Serena Williams has played her final professional match — probably. It was surely the emotion of the moment, but it should be noted that in her post-match interview Friday night she did leave the door open to playing again — something that has considerable precedent in tennis. But if this really was the end, her riveting loss to Ajla Tomljanovic was a fitting public farewell, with an entire stadium (and an entire sporting public at home) saying an emotional goodbye to someone they’ve spent a large portion of their lives watching. The night was a valediction to Williams, but not just her — also her sister, her family, and really the entire last 25 years of tennis. Williams, a 23-time Grand Slam singles champion, was the greatest women’s player of her generation, possibly of all time. But even that sort of undersells how much she changed her sport. And how much it needed to be changed.
“Some people in tennis wish the entire Williams family would fall down a very deep well followed closely by a very snug lid,” wrote Sports Illustrated’s Rick Reilly back in 1998. And he wasn’t alone. A whole bunch of the same people who were celebrating Serena last night desperately wanted her and her sister to go away when they first arrived. (This is not dissimilar to how universally beloved Muhammad Ali was at the end of his life despite being one of the most unpopular figures in the country for a large percentage of it.) The Williams sisters — and, specifically, their dad — were seen as a blight on tennis when they arrived in the late ‘90s, too brash, too unrefined and, mostly, too Black; their very presence was seen as an affront to the sport itself. This despite the sisters themselves being unfailingly polite and endearingly precocious, real teenagers — not forged in some tennis academy lab, so earnest and star-struck by the tennis stars they adored and were suddenly surrounded by that they self-published a tennis newsletter called Tennis Monthly Recap which featured articles written by Serena and Venus about the sport they were just about to dominate. While the powers that be were trying to run them out of the sport, the Williams sisters were interviewing tour players and writing about their nervousness. “I had extra batteries for the tape recorder and I was equipped with my pen and notepad, just like a journalist,” Serena wrote, at the age of 17.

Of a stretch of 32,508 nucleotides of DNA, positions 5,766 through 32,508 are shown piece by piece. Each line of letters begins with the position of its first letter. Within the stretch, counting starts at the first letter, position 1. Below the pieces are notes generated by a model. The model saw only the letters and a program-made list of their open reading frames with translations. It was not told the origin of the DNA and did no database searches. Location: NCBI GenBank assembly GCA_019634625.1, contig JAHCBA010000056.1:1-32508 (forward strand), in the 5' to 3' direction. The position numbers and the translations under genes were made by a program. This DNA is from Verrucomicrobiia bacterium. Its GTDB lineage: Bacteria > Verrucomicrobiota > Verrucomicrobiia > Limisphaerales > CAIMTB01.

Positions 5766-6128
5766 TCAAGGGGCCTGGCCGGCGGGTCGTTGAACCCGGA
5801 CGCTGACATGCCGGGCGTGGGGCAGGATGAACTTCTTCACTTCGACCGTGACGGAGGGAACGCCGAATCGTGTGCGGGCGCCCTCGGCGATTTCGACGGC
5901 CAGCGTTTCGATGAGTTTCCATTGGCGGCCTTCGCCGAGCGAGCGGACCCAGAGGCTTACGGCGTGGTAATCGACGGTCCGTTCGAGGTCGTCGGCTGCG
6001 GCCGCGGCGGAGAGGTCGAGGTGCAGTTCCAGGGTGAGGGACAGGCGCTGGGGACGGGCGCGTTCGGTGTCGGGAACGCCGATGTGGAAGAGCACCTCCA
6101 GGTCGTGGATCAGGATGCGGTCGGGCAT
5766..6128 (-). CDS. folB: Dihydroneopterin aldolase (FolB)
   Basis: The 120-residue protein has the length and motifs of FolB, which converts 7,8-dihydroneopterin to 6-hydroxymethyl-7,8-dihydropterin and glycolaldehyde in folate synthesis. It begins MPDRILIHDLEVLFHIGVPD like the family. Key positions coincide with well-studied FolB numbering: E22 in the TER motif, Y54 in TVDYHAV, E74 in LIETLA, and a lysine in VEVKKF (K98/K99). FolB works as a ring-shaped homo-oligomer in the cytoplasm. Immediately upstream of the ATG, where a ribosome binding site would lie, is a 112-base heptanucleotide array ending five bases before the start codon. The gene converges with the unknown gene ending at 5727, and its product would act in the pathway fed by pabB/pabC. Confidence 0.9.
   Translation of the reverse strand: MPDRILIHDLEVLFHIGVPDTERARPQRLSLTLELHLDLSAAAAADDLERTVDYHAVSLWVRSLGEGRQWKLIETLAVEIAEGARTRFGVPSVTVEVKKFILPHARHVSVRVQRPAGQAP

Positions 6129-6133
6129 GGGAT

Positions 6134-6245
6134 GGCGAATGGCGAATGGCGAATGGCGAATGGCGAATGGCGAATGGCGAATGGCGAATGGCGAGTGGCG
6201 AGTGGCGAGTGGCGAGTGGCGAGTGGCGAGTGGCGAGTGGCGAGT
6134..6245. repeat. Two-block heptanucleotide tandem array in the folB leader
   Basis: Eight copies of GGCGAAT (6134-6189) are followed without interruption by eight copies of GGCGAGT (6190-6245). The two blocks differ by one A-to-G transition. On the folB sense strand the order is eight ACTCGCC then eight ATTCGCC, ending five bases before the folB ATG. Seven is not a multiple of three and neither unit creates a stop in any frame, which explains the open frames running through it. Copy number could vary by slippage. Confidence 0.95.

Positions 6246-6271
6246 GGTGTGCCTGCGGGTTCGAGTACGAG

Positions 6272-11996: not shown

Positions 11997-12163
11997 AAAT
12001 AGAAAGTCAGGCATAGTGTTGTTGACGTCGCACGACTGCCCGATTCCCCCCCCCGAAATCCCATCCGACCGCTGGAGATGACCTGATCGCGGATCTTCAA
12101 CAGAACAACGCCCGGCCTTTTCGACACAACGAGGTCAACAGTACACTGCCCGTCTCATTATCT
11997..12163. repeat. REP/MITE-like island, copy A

The Williams sisters changed their sport nearly as much as they changed themselves over the years, particularly Serena, who went from an anxious little sister antsy about interviewing German tennis player Tommy Haas to not just an all-time tennis great, but a fashion icon, an entrepreneur, a public figure of unparalleled influence, and an avatar of power, grace, and fierce independence. (And there was controversy too: In 2009 there were people who, wrongly, wanted her banned from the U.S. Open for an emotional outburst at an umpire.) The way Serena was embraced in her final U.S. Open is nearly unprecedented in sports, where sad endings are the rule. A superstar as vaunted in defeat as in victory, millions of people collectively not wanting to say goodbye, an aging champion defying time while also succumbing to it in the most human, relatable way. All of Serena was on display Friday night: the competitiveness, the inner strength, the emotion, the mental fortitude. She was, to the very end, Serena.
But then again: This isn’t the end, not really. One of the strangest things about the career arc of an athlete is, in the context of sports, how young they are when we consider them old. Serena Williams is only 40, which is old for a tennis player but not old for anyone else. And just as Serena was an unstoppable force on the court, as we saw on Friday — and I suspect we will continue to see for years to come — she is and always will be an unstoppable force off it as well.
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